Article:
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Review ‘The Visit’ From The Editor


The Visit is an odd movie. Billed as a “horror”, the movie is surprisingly more of a dark comedy, but it would be disingenuous to say that there isn’t some terror beneath the surface. If M. Night Shyamalan’s intentions were to create a straight up horror film, then he failed miserably, but fortunately for the spooky-yet-weird it’s clear that there is a heavy amount of old people parody permeating what are supposed to be unnerving moments.

Becca (Olivia DeJonge) and Tyler (Ed Oxenbould) are shipped off to their grandparents’ house in rural Pennsylvania for a week after their mother (Kathryn Hahn) goes off on a sea cruise with her new boyfriend. They’ve never met Pop Pop (Peter McRobbie) and Nana (Deanna Dunagan), but are excited to learn about their mother’s roots and why she left her parents so abruptly many years ago. Becca and Tyler start to fear for their lives as increasingly weird and dangerous things happen over the course of the week.

There is a scene early on in the film where the children and grandfather are out and about the city, where the paranoid old basket case is, for no reason, convinced that the stranger across the street is stalking him. So what does grandpa do? He simply strikes the guy which some could find hilarious. However, looking at it has the underlying sense of terror about what the elderly could be about from realistic and satire standpoint.

Some say this film was boring in many ways, but whether you like the film or not is almost totally dependent on your patience and how satiated you are with the final 15 or so minutes. The Visit is the kind of film that leads to a builds up of tension until it’s unbearable and then drops the climax like a hammer. And be forewarned, this is the same kind of audience-engaging fare that the Paranormal Activity films are; just not to the extent of grainy handheld shots and shaky cam.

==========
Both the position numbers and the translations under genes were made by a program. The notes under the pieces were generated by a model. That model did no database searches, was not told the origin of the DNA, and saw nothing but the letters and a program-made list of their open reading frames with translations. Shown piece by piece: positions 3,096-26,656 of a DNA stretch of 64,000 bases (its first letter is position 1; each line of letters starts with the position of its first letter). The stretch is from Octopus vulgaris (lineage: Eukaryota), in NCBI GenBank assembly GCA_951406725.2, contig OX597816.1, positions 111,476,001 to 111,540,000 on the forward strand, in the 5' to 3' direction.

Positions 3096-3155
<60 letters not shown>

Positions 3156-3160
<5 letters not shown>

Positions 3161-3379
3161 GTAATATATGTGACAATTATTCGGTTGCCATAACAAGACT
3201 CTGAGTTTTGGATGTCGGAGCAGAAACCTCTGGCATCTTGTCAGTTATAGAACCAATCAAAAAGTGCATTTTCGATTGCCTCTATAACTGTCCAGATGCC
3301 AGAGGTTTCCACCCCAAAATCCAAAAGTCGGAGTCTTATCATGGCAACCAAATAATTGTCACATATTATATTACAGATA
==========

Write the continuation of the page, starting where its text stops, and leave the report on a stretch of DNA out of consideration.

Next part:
The Visit (2015) | Photo credit: Universal Pictures

The Visit uses found footage well because it finds a natural way to use it as a story element while also not giving way to its worst qualities. Shyamalan seems much more fascinated playing with the viewer’s expectations of his work than actually producing jump scares. Sure, there are quite a few of the latter but it’s kind of clear that the once-prolific director is struggling with going back to what people used to love. The trademark plot twists are front and center in the film, but they aren’t nearly bizarre enough to be considered unique or a “change” for the director.

As exciting as those final 20 minutes are however, much of The Visit never really hits that same level of excitement. There is a certain aura to the grandparents and their strange behavior, but a lot of it falls flat simply because there is no character definition. However, to the movie’s credit, it is like that simply because the twist would not work otherwise. The performances from both of the grandparents are always a pleasure to watch though, often portraying quiet and reserved personalities to cranking things up to over-the-top crazy levels on a dime. Opposite of them the performances from the kids can be a little nervy w/ the immaturity of the 13 year old or the bossy yet-annoying approach of the older sister

The Visit is Shyamalan’s best film in years, which isn’t saying much. It’s incredibly refreshing to know that a filmmaker can and is willing to return to his roots to mine for things he’s lost over years of making high-budgeted studio flicks, though. As the twist is dumb fun and audiences are going to have a blast being simultaneously frightened while laughing at the lunacy of it all.

Rating: 3-star-rating2

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